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Glossaries

Term Definition
Ziyarat

In Shia Islam, ziyarat is the act of visiting or making pilgrimage to the tombs Imams (pbuh). The burial places of Imams "are focal points of baraka (blessing and grace) where communications between humans and the divine are believed to be especially effective" (EI 722). The most important shrines for the Shia are the shrine of Prophet Muhammad (a.s.) in Medina and those of the Imams (pbuh):  Ali ibn abi talib in Najaf (Iraq), Hossain ibn Ali in Karbala, the Kazimayn (the seventh and ninth Imams Musa al-Kazim and Muhammad al-Taqi) in a north Baghdad suburb, Ali al-Hadi and Hasan al-Askari (the10th and 11th Imams) in Samarra (Iraq), al-Rida (or Reza, the eighth Imam) in Mashhad (Iran), and the holy shrine of his sister, Fatima Masoume (God's blessings to her) in Qom (Iran); the shrine of Sayyida  Zaynab (God's blessings to her), the daughter of Imam Ali and the granddaughter of Prophet Muhammad (pbuh) is also an important ziyarat sites for the Shia Muslims.

Synonyms: pilgrimage
Ziarat e Ashoora

Ziarat e Ashoora refers to a religious text recited as part of the ritual commemorating the martyrdom of Imam Hussain (a.s.) and his companions and also as a means of approximation specially on the day of Ashoora or any other day. In Shia culture, Muslims are urged to frequently read this supplicatory text, significantly because in it the reader expresses his/her love and devotion to the Exalted Allah, Prophet (pbuh), and Ahl al-bayt (a.s.) and also his/her dissociation with their enemies and the oppressors.

Zeinab bint Ali

Zeinab bint Ali (626 AD-682 AD) was Imam Ali’s (1st Shia Imam) daughter and Imam Hussain’s (3rd Shia Imam) sister. She is known as the first-hand narrator of Ashoora Tragedy (Imam Hussain’s Martyrdom) and for her courageous justice-seeking speech in the presence of the Caliph Yazid (who had killed her brother) exposing his atrocious crimes.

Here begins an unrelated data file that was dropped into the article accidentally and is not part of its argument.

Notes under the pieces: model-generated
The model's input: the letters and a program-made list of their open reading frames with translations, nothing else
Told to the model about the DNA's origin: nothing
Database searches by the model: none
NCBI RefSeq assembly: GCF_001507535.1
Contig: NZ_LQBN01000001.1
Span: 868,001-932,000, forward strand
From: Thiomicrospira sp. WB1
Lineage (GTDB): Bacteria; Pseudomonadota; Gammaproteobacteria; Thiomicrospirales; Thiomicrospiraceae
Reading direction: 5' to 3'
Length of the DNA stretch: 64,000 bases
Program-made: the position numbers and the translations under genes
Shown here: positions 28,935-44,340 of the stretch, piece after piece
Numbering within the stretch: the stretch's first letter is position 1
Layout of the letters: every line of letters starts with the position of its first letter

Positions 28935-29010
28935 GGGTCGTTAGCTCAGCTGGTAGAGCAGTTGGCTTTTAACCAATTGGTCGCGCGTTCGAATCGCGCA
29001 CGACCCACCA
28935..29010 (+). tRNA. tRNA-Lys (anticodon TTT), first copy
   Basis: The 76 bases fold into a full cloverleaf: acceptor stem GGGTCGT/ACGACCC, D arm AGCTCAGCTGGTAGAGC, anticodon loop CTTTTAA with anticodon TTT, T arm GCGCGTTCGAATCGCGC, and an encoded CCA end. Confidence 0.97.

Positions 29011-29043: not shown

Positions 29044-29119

Synonyms: Zeinab,Zeinab bint Ali
Wudu (Ablution)

"Wudu involves a partial cleansing starting with an expression of intention, followed by washing of the face, hands up to the elbows, head, and feet. It may also involve washing the ears and nostrils and rinsing the mouth. This method is believed to purify the body after urination and defecation, touching the genitals, sleep, and other activities… In the absence of water, Islamic law allows for the performance of 'dry ablution' with sand or a similar substance. Only the hands and face are cleansed if this is the case. Failure to perform the proper ablution prohibits a person from performing prayer, entering a mosque, touching the Quran, or visiting the Kaaba in Mecca" (EI 6-7).

wilaya

The Arabic term wilaya, means guardianship, authority, succession, and friendship. As key concepts in Shia belief, wilaya and wali (the person holding the position of wilaya), have special spiritual, political, and social significance. The Holy Quran elaborates the essential place wilaya maintains in the life of every Muslim: "Your wali (the infallible-protector) can be only Allah; and His messenger and those who believe, who establish worship and pay the zakah, while bowing down in prayer" (5: 55). In the eyes of the Shia Muslims, after Prophet Muhammad (pbuh), wilaya exclusively resides in Imams, emphasizing that Muhammad designated as his successor his son-and-law and cousin Ali ibn abi talib when he announced at the oasis of Ghadir Khumm: 'For whomever I am the authority (mawla), Ali is his authority' (EI 707). It is also to be noted that during the occultation of the last Imam of Shia (Imam Mahdi a.s.), the responsibility of providing the Muslim community with religious leadership and guidance would be carried by the jurists (mujtahids). The French philosopher and orientalist, Henry Corbin (1903-1978), presents wilaya as the cornerstone of Shia Islam and in many of his works has discussed this principle.

Synonyms: wilaya
Voluntary night prayer